Impact of extreme environmental events on assessment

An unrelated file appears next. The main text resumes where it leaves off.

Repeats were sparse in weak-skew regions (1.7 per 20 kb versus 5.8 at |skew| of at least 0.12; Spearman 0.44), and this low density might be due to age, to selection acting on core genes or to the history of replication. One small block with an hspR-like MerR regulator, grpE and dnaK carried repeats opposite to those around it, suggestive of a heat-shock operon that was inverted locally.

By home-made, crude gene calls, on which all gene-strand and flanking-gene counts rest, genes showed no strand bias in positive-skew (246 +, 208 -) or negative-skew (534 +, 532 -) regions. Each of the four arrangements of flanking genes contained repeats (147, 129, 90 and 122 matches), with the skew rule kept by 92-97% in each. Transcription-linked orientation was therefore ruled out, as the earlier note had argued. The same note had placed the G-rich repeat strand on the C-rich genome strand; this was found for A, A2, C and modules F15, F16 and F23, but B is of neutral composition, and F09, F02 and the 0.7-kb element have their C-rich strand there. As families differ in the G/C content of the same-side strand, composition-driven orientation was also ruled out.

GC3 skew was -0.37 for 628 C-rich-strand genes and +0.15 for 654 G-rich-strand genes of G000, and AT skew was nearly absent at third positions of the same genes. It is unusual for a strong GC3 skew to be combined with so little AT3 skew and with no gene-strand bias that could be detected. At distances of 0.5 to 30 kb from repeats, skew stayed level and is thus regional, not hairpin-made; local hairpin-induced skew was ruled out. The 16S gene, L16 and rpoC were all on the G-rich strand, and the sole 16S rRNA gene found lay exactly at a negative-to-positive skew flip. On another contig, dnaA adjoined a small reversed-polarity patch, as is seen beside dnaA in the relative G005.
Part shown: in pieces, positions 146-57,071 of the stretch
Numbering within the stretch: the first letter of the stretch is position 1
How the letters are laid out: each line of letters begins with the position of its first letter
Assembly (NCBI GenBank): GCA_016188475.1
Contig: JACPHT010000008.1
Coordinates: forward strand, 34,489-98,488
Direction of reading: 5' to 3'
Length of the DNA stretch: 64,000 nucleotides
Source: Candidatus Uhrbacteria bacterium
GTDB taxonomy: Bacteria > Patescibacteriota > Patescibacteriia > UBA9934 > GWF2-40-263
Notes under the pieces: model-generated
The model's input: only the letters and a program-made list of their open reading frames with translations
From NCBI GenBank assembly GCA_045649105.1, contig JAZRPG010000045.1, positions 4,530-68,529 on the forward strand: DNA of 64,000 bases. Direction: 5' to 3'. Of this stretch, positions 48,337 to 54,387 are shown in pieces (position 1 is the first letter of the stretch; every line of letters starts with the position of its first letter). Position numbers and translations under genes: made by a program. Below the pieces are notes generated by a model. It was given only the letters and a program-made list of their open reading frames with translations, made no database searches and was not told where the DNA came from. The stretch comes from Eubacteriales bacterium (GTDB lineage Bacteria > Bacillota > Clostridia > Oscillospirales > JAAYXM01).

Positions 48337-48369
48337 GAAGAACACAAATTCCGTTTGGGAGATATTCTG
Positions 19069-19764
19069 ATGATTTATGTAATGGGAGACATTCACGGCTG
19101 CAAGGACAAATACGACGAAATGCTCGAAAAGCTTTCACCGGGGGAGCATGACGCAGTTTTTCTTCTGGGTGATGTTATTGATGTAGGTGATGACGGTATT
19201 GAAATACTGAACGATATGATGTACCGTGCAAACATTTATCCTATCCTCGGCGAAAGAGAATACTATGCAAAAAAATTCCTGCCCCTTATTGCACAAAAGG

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<ul><li><p>Impact of extremeenvironmental eventson assessmentIan Wilson, Graduate School of Medicine, University of Wollongong, New South Wales,Australia</p><p>Wilkinson TJ, Ali AN, Bell CJ, Carter FA,</p><p>Frampton CM, McKenzie JM. The impact of</p><p>learning environment disruption on</p><p>medical student performance. Med Educ</p><p>2013;47:210213.</p><p>As educators, events may occurthat enable us to investigateeducational impacts that wewould not be able to research inthe normal course of events.Such a series of events recentlyoccurred in Christchurch, NewZealand. Towards the end of anacademic year a large earthquakeaffected the area. At this stagethere was little damage and veryfew deaths.</p><p>Six months later there wasanother large earthquake withsignificant destruction and over100 fatalities. This earthquakeoccurred in the middle of theacademic year and closed themedical school for 2 years. Usingstudents from the same cohortsstudying in different cities,and also historical controls, theimpact of these events onassessment outcomes wereinvestigated.</p><p>The impact of the first earthquakewas a significant reduction inassessment scores. The moresevere earthquake did not have a</p><p>significant impact on the assess-ment scores.</p><p>The authors speculate that thecause for this result may be that anacademic disruption that does notgive time for the student to developadaptive or coping strategies hasgreater impact on performance thana more severe disruption wherethere is time to adapt. Alterna-tively, they suggest that uncer-tainty and stress can stimulateanxiety, which can interfere withthe motivation to study.</p><p>This observational study providesevidence for educators around</p><p>A stressfulevent occurring</p><p>closer to anassessment will</p><p>have a muchgreater effect</p><p>than one that isdistant from the</p><p>assessment</p><p>Digest</p><p>134 Blackwell Publishing Ltd 2013. THE CLINICAL TEACHER 2013; 10: 134136</p></li><li><p>the impact of the timing ofstressful events on student per-formance. A stressful event</p><p>occurring closer to an assessmentwill have a much greater effect</p><p>than one that is distant from theassessment.</p><p>Selection and performanceLievens F. Adjusting medical school</p><p>admission: assessing interpersonal skills</p><p>using situational judgement tests.</p><p>Med Educ 2013;47:182189.</p><p>Selecting medical students contin-ues to be a fertile area of research,and large-scale longitudinal stud-ies are now starting to appear. Thisarticle describes a study of 5444applicants to medicine, with suc-cessful applicants followed for upto 9 years. From these applicants1788 students commenced medi-cine and, after exclusions anddropouts, 927 were followed tograduation (7 years); 261 of thesewere followed into 2 years ofgeneral practice training.</p><p>The selection process consistedof cognitive tests and video-based situational judgement tests</p><p>(SJTs) to measure non-cognitiveskills. SJTs present applicantswith a realistic situation, in thiscase on video, and the applicantis asked to respond to the situa-tion. In this study applicants wereasked to respond to What is themost effective response? on afour-choice multiple choice re-sponse developed for each of the30 videos used.</p><p>The outcome measures weregrade point average (GPA), non-interpersonal GPA and interper-sonal GPA at various points in theprogramme.</p><p>The cognitive selection testscorrelated significantly with thenon-interpersonal and overall GPAand knowledge test during gen-eral practitioner training, whereas</p><p>the SJTs correlated significantlywith interpersonal GPA as anundergraduate and the objectivestructured clinical examination(OSCE), doctor performance andinterview during general practi-tioner training.</p><p>The ability of selection proce-dures to predict performance9 years later is very impressive.This suggests that video SJTshave a major role in medicalstudent selection.</p><p>RemediationCleland J, Leggett H, Sandars J,</p><p>Costa MJ, Patel R, Moffat M. The reme-</p><p>diation challenge: theoretical and</p><p>methodological insights from a system-</p><p>atic review. Med Educ 2013;47:242251.</p><p>The role of remediation for poorperformance in written and clin-ical examinations is an issueengaging many medical educa-tors. Remediating performanceafter an examination often leavesthe educator with the feeling thatthe student will only get intofurther academic difficulty in thefollowing year. This feeling isbased on bitter experience, butmay reflect a bias from recallingthe poor outcomes.</p><p>There is now evidence from aliterature review that supportsthis belief. Most of the reviewedstudies did not have controlgroups or adequate sample sizes,and were not based in theory. Itbecame impossible to determinewhat the most effective methodsfor remediation were.</p><p>The authors noted that mostremediation was undertaken toenable the student or youngdoctor to pass a re-sit examina-tion. Remediation that focused oncontent and examination tech-niques for a specific examinationwas reported in eight studies,only one of which reported long-</p><p>The ability ofselectionprocedures topredictperformance 9years later isvery impressive</p><p> Blackwell Publishing Ltd 2013. THE CLINICAL TEACHER 2013; 10: 134136 135</p></li></ul>